Posted: Nov 15, 2012 10:28 PM by MTN News
MISSOULA - This summer, supervisors lost track of a child on a daycare field trip. That child was left unattended in a car while the rest of the group went to a movie - and temperatures that day soared well over 90 degrees.
While that daycare facility has since lost its license, other childcare facilities continue to operate under little to no regulation here in the state of Montana.
For many families, kids spend more time with their childcare provider than they do with their own parents.
Kelly Rosenleaf runs ChildCare Resources in Missoula. She says parents need to be diligent when looking at potential childcare providers.
"According to national standards we don't have as many licensors as would be ideal for the number of facilities that exist in Montana," she said, which means parents must take the effort to assess their child's care.
In a report published earlier this year by ChildCare Aware of America, Montana received an "F" for its standards and oversight of small family child care homes.
One of the reasons for the poor grade stems from Montana's licensing process, where state inspectors each have an average caseload of more than 100 programs. For instance, Missoula has two people responsible for inspecting and monitoring daycare facilities in Missoula, Mineral, Granite and Ravalli counties: a job that deserves at least eight inspectors, said one childhood program manager.
Kelly Clouse runs the Spirit At Play Early Childhood Program in Missoula. She agrees that state childcare regulators are stretched too thin.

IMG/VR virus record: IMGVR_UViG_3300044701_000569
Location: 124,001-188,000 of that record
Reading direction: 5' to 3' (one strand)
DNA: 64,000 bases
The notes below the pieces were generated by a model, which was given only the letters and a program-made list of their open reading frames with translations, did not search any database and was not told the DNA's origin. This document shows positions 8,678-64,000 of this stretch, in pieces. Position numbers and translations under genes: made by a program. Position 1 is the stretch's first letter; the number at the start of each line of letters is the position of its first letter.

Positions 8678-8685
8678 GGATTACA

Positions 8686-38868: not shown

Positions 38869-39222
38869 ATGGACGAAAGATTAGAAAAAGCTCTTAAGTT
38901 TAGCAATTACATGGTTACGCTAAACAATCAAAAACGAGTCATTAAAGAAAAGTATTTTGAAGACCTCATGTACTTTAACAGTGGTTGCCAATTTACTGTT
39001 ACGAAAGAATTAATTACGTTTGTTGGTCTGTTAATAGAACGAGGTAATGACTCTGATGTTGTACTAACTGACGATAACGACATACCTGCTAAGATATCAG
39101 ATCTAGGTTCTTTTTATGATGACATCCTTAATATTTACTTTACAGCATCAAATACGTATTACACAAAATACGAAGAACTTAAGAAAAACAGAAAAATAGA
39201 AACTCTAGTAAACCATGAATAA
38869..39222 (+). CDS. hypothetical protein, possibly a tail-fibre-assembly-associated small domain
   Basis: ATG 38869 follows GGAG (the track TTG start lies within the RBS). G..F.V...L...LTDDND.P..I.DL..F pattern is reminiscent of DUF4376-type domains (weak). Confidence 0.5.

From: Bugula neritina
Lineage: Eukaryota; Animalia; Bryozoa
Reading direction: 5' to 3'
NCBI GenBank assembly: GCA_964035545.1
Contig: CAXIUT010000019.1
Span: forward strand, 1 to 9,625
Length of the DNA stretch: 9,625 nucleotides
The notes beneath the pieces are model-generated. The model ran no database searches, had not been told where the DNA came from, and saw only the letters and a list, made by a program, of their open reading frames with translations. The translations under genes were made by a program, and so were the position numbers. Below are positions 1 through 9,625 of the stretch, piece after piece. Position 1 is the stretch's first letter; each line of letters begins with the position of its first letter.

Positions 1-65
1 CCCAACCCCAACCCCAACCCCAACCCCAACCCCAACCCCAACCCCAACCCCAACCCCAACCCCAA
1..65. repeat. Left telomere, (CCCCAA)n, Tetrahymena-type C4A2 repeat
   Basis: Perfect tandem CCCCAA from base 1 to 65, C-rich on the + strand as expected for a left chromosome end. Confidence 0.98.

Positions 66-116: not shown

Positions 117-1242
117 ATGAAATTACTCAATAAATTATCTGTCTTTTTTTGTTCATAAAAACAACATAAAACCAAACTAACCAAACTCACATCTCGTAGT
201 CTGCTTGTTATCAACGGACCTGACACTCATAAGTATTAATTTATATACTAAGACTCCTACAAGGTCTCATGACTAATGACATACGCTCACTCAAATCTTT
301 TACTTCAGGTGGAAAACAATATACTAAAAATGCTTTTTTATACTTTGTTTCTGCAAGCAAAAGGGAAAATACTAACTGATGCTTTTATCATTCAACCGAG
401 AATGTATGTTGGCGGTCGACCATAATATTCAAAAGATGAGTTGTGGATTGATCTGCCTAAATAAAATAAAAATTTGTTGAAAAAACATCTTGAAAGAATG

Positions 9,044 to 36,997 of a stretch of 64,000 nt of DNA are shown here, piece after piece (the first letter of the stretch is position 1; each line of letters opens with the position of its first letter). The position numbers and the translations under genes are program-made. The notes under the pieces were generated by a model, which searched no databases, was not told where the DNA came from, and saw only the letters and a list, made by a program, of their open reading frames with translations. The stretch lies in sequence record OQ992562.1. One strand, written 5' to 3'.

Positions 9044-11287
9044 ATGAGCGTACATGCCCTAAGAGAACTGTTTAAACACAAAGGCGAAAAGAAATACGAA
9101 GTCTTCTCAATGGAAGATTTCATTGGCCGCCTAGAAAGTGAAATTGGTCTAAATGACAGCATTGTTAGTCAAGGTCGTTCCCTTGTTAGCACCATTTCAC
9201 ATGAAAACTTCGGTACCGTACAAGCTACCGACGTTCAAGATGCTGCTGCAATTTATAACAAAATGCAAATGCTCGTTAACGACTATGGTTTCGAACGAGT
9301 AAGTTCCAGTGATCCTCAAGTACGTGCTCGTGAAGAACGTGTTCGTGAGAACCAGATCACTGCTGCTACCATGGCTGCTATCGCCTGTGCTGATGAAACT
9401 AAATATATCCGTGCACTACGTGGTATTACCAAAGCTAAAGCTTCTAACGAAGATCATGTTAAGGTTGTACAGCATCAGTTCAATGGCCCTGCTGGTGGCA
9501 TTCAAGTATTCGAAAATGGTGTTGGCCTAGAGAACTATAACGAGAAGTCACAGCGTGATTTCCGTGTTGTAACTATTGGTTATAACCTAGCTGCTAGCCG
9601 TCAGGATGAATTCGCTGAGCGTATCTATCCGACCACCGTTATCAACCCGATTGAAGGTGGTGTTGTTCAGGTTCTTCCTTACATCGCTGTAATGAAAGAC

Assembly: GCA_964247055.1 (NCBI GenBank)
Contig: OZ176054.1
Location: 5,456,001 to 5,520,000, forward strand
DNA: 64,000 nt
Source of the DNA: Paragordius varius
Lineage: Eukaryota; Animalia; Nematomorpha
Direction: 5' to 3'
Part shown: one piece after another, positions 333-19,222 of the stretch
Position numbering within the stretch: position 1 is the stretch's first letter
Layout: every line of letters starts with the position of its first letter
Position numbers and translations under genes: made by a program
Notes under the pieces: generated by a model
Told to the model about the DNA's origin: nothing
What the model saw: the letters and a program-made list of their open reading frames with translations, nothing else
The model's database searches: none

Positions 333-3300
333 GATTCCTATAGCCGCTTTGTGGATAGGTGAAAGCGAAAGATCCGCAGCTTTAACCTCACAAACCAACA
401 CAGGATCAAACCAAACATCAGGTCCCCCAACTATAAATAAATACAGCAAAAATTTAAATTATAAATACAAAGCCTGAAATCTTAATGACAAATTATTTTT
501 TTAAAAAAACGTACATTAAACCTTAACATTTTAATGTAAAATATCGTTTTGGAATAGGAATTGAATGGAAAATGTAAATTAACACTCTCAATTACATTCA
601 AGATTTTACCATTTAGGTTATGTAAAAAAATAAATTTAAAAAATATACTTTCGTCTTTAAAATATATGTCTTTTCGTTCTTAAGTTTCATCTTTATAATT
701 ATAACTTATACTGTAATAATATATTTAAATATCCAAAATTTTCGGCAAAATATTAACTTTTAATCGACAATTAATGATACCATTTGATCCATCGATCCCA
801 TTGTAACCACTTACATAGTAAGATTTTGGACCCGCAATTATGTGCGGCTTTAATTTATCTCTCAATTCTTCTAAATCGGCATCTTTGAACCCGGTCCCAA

"I think they do a fantastic job, I just wish there were more of them," Clouse said.
Rosenleaf thinks inspectors can't visit daycares often enough to be assured of compliance with rules. "There are some facilities that are not very good quality and parents may not be aware that it's not a very good quality facility and there's no one determining that they are not meeting licensing standards."
Montana has about 11 full-time employees monitoring child care facilities across the state.
Stephanie Goetz, program manager for child care licensing, said she feels she has a great team. "The licensors that we have across the state, I think they're able to manage their caseloads really well and overall I think they do a good job."
Goetz, however, admits that given her limited staff it's not realistic that every childcare facility in the state will see an inspector every year - which is why the onus falls on parents to make sure their kids are in the right place.
Rosenleaf emphasized that. "Children are very vulnerable - they are not able to take care of themselves, that's why they're with adults - but I think it's very important to assess what is the supervision at a facility where you want to be for your child."
Clouse said not everyone is suited to take care of kids. "If your child is in a high-quality program, they're going to have the head start that they need to be contributing to society and to be good role models and good leaders once they hit private and public schools."
It's important to note Montana only regulates enrollment-based daycare facilities. The state has zero licensure or regulation standards for what are called drop-in daycare centers.
Some things parents should look for when interviewing potential childcare providers are child-to-staff ratio as well as the facility's mission statement and credentials.
It's also a good idea to visit a variety of daycares when searching for a provider and to ask lots of questions about the activities and childcare strategies that provider uses.